Eric Fillion is a doctoral candidate in History. His research focuses on the origins of Canada’s cultural diplomacy and, more specifically, on the use of music in Canadian-Brazilian relations (1940s-1960s). This project builds on the experience he has acquired as a musician and on his ongoing study of Quatuor de jazz libre du Québec. He is also the founder of Tenzier, a nonprofit organization, whose mandate is to preserve and disseminate archival recordings by Quebec avant-garde artists.
Sound matters: Musicking or music as mediation
Playing Rock Against Racism at Carleton University’s Porter Hall, in March of 1994, was a key consciousness-raising moment in my early years as a musician. Like the Food Not Bombs benefits that I would later participate in with other groups, the event foregrounded music to foster conversations and to enable like-minded communities to build bridges among themselves.
Music informed everyone’s experience, musicians and non-musicians alike, enriching their interactions and providing a sense of commonality that neither began nor ended with the performances. Its social and symbolic importance permeated all aspects of the event.
Music, I had come to realize, was not just something you do or listen to.
“[T]he word music shouldn’t be a noun at all,” writes Christopher Small. “It ought to be a verb — to music.”
Small further explains that ‘musicking’ is “part of that iconic, gestural process of giving and receiving information about relationships […] and it is in fact a ritual by means of which the participants [in a performance] not only learn about, but directly experience, their concepts of how they relate, and how they ought to relate, to other human beings and to the rest of the world.”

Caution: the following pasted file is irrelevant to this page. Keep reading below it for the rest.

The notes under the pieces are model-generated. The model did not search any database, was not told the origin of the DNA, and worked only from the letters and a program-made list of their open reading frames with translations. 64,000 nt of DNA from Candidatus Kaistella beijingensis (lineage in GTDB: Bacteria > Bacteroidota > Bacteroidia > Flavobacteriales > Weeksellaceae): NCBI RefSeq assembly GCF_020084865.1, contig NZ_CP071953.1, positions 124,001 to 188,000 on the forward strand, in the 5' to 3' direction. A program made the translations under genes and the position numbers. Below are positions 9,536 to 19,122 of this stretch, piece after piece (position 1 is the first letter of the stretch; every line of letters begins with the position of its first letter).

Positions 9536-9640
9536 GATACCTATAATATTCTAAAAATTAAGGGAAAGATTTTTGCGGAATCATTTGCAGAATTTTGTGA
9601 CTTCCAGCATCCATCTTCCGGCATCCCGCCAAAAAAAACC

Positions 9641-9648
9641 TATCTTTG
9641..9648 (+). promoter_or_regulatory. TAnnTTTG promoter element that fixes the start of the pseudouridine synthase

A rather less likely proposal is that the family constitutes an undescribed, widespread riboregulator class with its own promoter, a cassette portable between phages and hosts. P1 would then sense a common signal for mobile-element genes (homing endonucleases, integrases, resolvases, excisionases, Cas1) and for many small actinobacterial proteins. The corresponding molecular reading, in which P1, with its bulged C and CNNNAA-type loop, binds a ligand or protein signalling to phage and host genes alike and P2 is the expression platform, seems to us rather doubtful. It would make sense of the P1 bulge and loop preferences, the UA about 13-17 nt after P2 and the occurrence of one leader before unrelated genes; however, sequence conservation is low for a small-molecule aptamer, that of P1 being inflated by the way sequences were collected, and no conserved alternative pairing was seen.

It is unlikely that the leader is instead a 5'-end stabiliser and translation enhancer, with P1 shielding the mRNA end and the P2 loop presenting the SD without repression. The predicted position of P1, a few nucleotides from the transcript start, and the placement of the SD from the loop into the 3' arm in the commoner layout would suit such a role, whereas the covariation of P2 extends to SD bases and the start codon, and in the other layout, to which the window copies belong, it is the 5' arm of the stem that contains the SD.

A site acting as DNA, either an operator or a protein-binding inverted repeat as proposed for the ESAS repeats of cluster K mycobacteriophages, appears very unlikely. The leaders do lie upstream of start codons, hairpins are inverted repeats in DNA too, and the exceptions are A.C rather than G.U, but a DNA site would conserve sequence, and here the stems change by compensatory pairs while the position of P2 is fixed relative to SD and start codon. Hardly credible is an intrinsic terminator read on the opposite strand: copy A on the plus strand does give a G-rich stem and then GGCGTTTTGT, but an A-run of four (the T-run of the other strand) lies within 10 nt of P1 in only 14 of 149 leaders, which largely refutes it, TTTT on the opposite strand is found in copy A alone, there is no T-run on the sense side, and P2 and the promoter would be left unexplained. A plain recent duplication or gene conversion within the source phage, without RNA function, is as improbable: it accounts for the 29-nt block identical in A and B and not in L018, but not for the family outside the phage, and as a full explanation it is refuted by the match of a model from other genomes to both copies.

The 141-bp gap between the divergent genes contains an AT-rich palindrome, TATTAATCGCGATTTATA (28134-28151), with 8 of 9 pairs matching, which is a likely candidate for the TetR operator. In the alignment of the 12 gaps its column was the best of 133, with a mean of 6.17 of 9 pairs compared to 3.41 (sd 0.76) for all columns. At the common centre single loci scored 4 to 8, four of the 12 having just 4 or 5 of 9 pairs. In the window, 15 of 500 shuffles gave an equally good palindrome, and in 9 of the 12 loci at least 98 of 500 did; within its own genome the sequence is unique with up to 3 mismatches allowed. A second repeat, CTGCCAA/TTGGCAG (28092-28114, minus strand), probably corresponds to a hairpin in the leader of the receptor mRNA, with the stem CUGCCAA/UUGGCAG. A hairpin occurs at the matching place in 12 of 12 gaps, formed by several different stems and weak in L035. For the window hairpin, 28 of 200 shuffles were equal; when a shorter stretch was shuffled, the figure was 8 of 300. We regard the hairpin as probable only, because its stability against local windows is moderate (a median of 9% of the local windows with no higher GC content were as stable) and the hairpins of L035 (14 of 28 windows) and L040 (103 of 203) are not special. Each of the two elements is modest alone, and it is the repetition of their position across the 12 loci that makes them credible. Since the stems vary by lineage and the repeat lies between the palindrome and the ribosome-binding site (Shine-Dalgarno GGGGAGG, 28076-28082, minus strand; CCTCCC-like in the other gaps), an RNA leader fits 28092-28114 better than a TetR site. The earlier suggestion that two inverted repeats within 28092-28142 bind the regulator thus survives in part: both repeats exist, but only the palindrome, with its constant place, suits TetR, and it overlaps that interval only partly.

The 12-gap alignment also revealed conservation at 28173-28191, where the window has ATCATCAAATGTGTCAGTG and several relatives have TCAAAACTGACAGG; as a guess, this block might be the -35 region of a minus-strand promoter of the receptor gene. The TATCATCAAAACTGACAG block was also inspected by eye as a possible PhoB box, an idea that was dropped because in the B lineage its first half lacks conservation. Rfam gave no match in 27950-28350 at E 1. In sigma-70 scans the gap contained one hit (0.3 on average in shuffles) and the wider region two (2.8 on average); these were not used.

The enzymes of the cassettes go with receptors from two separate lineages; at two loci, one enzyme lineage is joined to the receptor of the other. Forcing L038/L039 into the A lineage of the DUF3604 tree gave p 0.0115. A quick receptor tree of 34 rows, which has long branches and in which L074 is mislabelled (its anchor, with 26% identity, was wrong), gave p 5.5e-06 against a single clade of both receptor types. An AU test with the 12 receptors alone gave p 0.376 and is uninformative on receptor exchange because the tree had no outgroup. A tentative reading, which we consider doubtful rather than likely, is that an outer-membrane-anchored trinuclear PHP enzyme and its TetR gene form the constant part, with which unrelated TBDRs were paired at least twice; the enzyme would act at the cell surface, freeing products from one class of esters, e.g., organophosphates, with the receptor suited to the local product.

In other words, music is mediation. It has an impact on the connections that people establish among themselves in the same way that it both reflects and shapes their self-perception and sense of belonging. Music, Georgina Born argues, “inflects existing social relations, from the most concrete and intimate to the most abstract of collectivities.”
I wanted to explore this idea of music as a ‘constellation of mediations’ when I left my seat behind the drums to research and write about (1) Jazz libre, a turn-of-the-1970s free jazz ensemble associated with the Quebec left, and (2) musical diplomacy in Canadian-Brazilian relations from the early 1940s to the late 1960s.
I first met members of Jazz libre in 2011. At the time, I was preparing an album of unreleased material recorded by the group in 1973. The interviews I conducted pointed me in the direction of private and public archives, including those of the Royal Canadian Mounted Police (RCMP) and Sûreté du Québec, where I discovered the contours of what I came to call a ‘musical-political praxis.’
Sound recordings, I found out, were not the sole repositories of meaning for the group’s music.
Founded in 1967, Jazz libre was a collective of improvising musicians who hoped to transform the Quebec soundscape in the wake of the Quiet Revolution. Their experimental approach was initially inspired by the cultural ferment that accompanied Expo 67.
Jazz libre’s creative process encouraged communication, collaboration, initiative, trust and self-criticism, but also a disposition to take risks as well as a willingness to think creatively and make decisions on the spur of the moment. It championed a spontaneous, visceral form of artistic expression that was attuned to interpersonal relationships.
It did not take long for these left-leaning, indépendantistes musicians to draw parallels between their effort to liberate themselves artistically and the Quebec left’s struggle for national liberation. After all, the free jazz that inspired Jazz libre was commonly associated with the civil rights movement, black nationalism and the struggle for decolonization.
The group’s appropriation of that music was thus also meant to lend credence to the belief that French Canadians were a colonized people who had much to contribute to the global fight against imperialism and capitalism.
Jazz libre launched many projects during its eight years of existence. Chief among these was Petit Québec libre, a largely improvised socialist commune in the Eastern Townships.